The idea is that you use a device to lower the initial current and get the motor turning a little so that the full voltage, when applied, is now working on a motor that is turning already even if not at the max speed and thus the required current is lower.

The other idea i think is that the expectation is that the motor is not under full load at the time of starting. Thus without a limiter of any kind the starting current is still high but doesnt last as long.

Now picture this. We have the regular larger motor connected to a smaller motor that turns the shaft of the larger motor. The smaller motor inrush current is 10 amps while the larger is 30 amps.
We start the smaller motor, that starts the larger motor shaft turning. Then we apply the full voltage to the larger motor and turn off the smaller motor voltage. The inrush current to the larger motor is not as great now because it is already turning a little. The smaller motor itself can not start with the full load applied however.

With the inrush current limiter, the hope is that the larger motor will start to turn with a smaller current, even though it wont get up to full speed. Once started turning, the inrush requirement goes down.

Now if this did not work with any motor anywhere, there would be no such thing as inrush current limiter devices used with motors. Even more so though is that a motor would not be able to start up using a speed control with the control set low. An example of this is the well known Dremel tool used for cutting and grinding and drilling. It has no problem starting up with the speed control set very low. However, if you tried to start it up into a heavy load that would normally take the full power to get it to turn it probably would not start at all just sit there and hum, until maybe you turned the speed control up higher. The typical Dremel drill stalls pretty easy with load when the speed control is set lower, so it would have to be started with little or no load.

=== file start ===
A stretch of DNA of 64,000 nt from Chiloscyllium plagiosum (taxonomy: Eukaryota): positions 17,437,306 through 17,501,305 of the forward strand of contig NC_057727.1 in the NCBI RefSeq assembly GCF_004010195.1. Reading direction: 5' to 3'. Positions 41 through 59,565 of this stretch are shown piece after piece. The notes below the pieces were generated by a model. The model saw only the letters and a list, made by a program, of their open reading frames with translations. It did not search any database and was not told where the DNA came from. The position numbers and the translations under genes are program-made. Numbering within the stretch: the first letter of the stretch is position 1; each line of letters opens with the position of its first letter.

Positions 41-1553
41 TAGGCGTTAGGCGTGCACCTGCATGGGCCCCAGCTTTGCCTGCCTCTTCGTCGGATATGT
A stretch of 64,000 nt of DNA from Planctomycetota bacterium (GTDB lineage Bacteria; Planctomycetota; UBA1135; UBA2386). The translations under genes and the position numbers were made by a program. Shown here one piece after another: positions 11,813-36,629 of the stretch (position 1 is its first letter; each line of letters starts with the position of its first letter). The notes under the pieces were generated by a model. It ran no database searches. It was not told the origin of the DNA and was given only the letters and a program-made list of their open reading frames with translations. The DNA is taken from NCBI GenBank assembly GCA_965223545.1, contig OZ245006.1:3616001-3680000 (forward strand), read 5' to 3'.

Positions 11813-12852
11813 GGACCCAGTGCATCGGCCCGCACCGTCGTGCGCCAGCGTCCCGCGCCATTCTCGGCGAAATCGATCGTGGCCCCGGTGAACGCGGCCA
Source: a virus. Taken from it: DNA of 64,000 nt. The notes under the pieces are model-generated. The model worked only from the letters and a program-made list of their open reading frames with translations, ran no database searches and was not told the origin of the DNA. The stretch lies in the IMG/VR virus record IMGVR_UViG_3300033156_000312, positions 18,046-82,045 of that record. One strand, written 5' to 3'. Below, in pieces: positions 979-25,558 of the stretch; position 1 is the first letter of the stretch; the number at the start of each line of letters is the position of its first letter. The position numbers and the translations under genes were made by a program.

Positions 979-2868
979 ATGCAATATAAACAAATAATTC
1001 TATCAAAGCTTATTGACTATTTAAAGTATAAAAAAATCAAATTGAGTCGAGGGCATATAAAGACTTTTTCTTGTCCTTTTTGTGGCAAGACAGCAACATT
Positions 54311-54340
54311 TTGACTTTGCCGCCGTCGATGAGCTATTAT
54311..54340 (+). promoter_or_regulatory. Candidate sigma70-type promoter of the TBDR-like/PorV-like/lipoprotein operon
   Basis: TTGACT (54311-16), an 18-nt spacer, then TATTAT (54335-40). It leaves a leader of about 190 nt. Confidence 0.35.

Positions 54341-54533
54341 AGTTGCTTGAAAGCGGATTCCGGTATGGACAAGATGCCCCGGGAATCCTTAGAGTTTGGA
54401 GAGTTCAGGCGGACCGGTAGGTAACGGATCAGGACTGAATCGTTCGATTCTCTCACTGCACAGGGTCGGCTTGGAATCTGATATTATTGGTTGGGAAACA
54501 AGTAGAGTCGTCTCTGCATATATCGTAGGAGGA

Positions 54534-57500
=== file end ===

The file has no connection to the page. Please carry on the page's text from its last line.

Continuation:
So the second requirement is probably that the load has to be light when the motor is starting up. An air conditioner for example has much less load when it first starts up, as long as it was off for a while. If it was running normally then switched off, then after only 1 second turned back on again, it would probably not start up but trip the thermal cutout if it was not already electronically controlled. The older models do that because all they have is a thermal cutout device which turns the unit off if it is started immediately after turning it off. It heats up and breaks the current, then after it cools it tries again. Once the pressure in the lines dies down a bit it will be able to start up gain because the motor will not be under full load.

But maybe you could look up some examples on the web see what you think after reading one or two.
Here is one example:
A 120vac air conditioner draws 30 amps at startup but the circuit breaker is 20 amps while the normal run current is 16 amps. Motor inductance is about 0.0018 Henries.
The solution is to use an Ametherm part number: MS35 10018 Inrush Current Limiter.
Does it work? I dont have that air conditioner and that inrush limiter part so i cant test it. I also did not go over the design to try to verify it.